Rome

Monti tries to calm markets, leaders on Italy's future

Premier sees 'no vacuum' in decision-making

Monti tries to calm markets, leaders on Italy's future

Rome, December 10 - Italian Premier Mario Monti on Monday attempted to calm markets worried that Italy would backpedal on reforms aimed at bringing its debt under control. Investors fled from the Milan Stock Exchange Monday, driving shares down by over 3%, following Monti's announcement Saturday that he would resign once next year's budget had been finalized. Meanwhile, in a sign of the difficulties facing the country, the spread between Italy's 10-year government bonds and their German equivalent spiked upwards Monday after declining gradually over the past months. Earlier Monday, Monti warned against reading too much into the oscillations of the market, saying that people should not "dramatise the reactions" to his resignation announcement. Investors - and international leaders - reacted nervously to Monti's resignation, worrying that the international credibility he restored to Italy was at risk. Speaking from Oslo, where the European Union was receiving the Nobel Peace Prize, the outgoing premier said later that "markets shouldn't fear a decision-making vacuum" in Italy. From Oslo, Monti said that Italy faced several "challenges" in its quest to achieve higher growth and employment. The challenges will be "particularly intense2 for those "who like Italy, in the past, unfortunately waited too long to tackle the imbalances in public finances". Newspapers and pundits Monday speculated about whether Monti would somehow seek to remain involved in Italy's politics. Were he to run for office, Monti would have to make his intentions clear soon, given the relatively short timetable leading up to new elections expected in February. However, some reports suggested the respected former European commissioner might serve as a member of a centre-left government, should Italy's Democratic Party (PD) win the upcoming elections. "In this past year Monti and Bersani have understood each other well. I am certain that they will find the best solution," Enrico Letta, the PD's second in command, said Monday referring to the working relationship between Monti and PD leader Pier Luigi Bersani, who will represent the party at elections. On Monday, Bersani said Monti should not seek office this time around. "In the future I think it will be possible to have a relationship with Monti in the name of Italy, (but) it would be easier if Monti remained out of the electoral contest," Bersani said.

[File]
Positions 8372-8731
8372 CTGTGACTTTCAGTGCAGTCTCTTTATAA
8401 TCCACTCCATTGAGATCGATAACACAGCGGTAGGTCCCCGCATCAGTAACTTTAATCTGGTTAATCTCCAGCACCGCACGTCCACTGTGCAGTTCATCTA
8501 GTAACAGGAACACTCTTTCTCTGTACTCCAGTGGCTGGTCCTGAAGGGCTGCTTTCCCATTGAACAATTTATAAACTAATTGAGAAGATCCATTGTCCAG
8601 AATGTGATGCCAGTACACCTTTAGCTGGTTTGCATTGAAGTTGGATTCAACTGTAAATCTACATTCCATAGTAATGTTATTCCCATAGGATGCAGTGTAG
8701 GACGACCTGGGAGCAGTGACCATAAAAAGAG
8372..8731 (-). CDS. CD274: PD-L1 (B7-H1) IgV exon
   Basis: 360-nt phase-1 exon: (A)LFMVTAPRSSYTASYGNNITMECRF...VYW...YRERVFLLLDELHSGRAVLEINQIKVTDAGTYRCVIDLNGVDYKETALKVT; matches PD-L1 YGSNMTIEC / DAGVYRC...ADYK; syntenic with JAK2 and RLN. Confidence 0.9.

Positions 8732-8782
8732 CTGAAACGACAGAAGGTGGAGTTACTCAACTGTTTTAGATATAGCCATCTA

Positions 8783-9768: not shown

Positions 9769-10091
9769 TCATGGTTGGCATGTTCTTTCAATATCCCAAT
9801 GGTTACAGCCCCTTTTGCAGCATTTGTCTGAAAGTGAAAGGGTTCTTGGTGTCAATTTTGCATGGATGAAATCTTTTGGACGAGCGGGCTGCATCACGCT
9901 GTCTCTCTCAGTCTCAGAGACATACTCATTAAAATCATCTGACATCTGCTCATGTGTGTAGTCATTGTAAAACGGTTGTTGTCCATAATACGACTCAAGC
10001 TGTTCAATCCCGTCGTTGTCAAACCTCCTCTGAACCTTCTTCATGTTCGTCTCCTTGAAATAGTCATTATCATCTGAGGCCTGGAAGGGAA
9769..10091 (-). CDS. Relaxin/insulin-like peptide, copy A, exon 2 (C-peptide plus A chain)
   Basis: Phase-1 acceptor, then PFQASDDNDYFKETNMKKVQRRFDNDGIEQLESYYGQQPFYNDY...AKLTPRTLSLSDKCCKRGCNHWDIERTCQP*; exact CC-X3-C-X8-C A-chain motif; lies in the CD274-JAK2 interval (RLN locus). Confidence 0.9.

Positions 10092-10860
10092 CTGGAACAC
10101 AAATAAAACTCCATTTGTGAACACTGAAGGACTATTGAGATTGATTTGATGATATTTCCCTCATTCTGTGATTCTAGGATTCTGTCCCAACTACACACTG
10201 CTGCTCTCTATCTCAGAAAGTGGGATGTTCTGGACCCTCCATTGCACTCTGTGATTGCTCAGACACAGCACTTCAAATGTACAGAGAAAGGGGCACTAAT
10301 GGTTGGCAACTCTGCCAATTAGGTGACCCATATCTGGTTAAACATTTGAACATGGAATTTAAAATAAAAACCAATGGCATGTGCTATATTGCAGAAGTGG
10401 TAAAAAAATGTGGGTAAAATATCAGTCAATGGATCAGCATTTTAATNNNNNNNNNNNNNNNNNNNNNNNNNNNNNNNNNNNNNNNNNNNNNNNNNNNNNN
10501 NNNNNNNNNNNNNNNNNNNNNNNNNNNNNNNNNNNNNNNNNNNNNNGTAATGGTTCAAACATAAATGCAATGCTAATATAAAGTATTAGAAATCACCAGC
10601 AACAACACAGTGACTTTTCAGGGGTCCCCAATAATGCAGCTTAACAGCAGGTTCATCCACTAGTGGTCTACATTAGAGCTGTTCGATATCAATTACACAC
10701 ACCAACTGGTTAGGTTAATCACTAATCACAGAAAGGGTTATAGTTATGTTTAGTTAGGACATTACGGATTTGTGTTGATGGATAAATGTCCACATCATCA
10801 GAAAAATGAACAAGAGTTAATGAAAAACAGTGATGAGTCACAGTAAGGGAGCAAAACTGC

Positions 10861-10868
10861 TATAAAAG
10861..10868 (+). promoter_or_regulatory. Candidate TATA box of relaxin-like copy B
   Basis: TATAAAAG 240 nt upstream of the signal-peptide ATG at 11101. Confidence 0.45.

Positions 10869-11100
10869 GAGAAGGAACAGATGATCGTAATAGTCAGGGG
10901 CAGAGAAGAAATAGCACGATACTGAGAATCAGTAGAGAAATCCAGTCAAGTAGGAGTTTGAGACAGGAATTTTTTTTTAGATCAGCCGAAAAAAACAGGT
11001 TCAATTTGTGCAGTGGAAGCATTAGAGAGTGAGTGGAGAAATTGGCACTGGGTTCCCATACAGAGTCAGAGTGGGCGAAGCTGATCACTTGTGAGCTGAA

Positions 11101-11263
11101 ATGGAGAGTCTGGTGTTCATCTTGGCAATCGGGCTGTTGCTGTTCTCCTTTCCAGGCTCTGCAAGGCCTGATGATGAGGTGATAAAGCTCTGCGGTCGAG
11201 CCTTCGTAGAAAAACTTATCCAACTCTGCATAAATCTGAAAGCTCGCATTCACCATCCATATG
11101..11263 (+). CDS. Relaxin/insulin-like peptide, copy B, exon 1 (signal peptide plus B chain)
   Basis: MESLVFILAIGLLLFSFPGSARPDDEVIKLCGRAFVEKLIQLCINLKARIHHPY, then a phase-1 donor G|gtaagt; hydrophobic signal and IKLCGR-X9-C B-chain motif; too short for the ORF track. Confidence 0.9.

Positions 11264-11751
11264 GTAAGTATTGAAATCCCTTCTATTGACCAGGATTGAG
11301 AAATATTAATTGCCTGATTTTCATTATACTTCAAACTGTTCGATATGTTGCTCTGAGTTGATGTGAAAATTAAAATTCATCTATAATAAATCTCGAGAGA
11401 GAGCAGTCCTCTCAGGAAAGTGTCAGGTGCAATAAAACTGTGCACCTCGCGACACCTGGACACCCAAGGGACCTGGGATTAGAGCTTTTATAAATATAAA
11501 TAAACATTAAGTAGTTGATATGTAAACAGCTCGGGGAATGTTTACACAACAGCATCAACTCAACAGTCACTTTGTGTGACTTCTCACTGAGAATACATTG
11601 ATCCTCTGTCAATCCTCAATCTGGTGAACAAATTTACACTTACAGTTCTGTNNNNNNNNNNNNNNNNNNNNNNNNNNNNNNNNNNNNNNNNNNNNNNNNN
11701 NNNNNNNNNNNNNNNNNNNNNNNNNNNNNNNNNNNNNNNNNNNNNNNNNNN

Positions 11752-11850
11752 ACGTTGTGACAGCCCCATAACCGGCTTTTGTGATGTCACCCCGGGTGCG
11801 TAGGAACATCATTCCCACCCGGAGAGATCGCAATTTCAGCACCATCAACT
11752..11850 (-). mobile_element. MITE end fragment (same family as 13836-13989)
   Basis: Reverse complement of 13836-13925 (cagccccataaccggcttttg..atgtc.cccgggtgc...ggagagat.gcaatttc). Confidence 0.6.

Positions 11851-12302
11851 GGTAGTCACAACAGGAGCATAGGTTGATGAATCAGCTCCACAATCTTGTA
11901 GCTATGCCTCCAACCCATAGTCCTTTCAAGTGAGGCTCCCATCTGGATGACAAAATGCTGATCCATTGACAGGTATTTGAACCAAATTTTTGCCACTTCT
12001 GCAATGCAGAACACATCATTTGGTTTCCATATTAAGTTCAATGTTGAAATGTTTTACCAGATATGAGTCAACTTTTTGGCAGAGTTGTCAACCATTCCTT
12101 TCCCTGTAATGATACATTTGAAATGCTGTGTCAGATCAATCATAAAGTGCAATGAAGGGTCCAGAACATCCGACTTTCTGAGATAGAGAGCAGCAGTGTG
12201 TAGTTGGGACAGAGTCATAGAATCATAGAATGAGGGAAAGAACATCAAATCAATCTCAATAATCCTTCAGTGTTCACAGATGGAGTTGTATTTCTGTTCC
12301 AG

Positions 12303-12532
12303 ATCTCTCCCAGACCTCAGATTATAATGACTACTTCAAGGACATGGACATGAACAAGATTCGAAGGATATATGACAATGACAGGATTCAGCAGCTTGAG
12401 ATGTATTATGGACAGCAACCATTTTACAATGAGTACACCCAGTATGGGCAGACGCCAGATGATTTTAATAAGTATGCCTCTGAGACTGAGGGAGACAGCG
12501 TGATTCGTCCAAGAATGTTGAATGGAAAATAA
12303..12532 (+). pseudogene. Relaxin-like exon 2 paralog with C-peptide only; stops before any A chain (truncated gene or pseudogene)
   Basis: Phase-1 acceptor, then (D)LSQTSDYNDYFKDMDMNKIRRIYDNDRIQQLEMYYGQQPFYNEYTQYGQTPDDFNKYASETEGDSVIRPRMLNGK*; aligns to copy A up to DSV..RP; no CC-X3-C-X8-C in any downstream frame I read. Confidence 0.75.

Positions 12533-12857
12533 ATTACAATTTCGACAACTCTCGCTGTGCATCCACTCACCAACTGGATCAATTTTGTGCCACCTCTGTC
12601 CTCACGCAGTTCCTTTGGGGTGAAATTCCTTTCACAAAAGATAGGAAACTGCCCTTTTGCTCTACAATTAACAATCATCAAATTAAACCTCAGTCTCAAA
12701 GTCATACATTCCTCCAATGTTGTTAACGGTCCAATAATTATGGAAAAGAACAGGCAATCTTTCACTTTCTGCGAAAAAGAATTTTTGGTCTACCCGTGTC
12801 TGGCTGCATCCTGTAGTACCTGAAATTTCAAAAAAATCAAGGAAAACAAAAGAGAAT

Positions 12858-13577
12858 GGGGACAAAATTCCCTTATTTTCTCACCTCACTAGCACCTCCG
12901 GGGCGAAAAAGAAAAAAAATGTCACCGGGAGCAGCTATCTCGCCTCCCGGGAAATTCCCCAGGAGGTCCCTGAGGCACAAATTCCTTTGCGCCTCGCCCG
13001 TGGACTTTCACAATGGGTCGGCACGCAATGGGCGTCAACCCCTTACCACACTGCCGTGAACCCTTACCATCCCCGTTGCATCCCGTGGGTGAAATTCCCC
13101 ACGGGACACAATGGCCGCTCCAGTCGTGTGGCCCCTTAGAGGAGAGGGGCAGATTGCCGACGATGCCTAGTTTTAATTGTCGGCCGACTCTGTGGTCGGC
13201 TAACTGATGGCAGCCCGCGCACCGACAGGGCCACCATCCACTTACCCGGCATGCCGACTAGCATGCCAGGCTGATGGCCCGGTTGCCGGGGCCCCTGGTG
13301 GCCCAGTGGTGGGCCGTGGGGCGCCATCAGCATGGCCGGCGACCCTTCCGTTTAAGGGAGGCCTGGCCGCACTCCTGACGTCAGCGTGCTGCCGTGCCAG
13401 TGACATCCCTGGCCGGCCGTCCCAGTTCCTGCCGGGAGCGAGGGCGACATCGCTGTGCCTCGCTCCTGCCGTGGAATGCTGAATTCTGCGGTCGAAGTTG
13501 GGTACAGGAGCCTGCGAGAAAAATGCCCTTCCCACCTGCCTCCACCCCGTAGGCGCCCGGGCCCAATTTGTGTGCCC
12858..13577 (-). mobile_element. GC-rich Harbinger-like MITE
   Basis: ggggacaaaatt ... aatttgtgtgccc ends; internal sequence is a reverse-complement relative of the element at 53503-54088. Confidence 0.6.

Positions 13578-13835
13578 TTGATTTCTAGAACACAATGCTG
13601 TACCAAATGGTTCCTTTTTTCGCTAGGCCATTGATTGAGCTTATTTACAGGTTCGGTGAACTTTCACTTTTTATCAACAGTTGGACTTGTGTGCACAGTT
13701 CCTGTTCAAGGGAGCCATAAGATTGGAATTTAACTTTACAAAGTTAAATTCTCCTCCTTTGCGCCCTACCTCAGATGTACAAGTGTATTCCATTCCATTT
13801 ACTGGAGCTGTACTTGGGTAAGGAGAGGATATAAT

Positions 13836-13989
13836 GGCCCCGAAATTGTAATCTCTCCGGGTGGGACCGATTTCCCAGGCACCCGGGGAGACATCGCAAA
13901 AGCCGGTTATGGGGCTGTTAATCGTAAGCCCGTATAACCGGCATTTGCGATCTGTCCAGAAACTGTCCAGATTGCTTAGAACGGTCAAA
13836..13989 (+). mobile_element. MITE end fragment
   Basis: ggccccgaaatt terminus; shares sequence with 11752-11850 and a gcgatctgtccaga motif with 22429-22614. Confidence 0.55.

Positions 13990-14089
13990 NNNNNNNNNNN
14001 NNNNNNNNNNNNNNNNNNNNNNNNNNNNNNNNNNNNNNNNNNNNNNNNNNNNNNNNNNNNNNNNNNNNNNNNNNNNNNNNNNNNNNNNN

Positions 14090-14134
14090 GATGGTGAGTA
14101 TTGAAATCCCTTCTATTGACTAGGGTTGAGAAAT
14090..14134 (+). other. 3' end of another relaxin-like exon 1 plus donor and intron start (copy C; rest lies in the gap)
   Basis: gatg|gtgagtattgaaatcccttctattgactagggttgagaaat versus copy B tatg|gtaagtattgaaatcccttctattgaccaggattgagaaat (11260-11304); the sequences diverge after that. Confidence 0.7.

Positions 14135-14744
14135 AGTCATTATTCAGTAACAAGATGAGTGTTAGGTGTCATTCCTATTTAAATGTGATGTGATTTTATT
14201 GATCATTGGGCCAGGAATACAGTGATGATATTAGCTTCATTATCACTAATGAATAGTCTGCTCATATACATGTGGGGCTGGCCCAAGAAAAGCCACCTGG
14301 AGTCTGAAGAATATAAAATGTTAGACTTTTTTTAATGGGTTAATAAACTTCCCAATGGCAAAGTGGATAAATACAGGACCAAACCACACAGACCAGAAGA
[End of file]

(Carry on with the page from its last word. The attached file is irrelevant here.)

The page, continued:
Lascia il tuo commento

Condividi le tue opinioni su Gazzetta del Sud online

Caratteri rimanenti: 400

Le altre notizie

i più letti di oggi

Natalina tornava dal lavoro

Natalina tornava dal lavoro

di Salvatore De Maria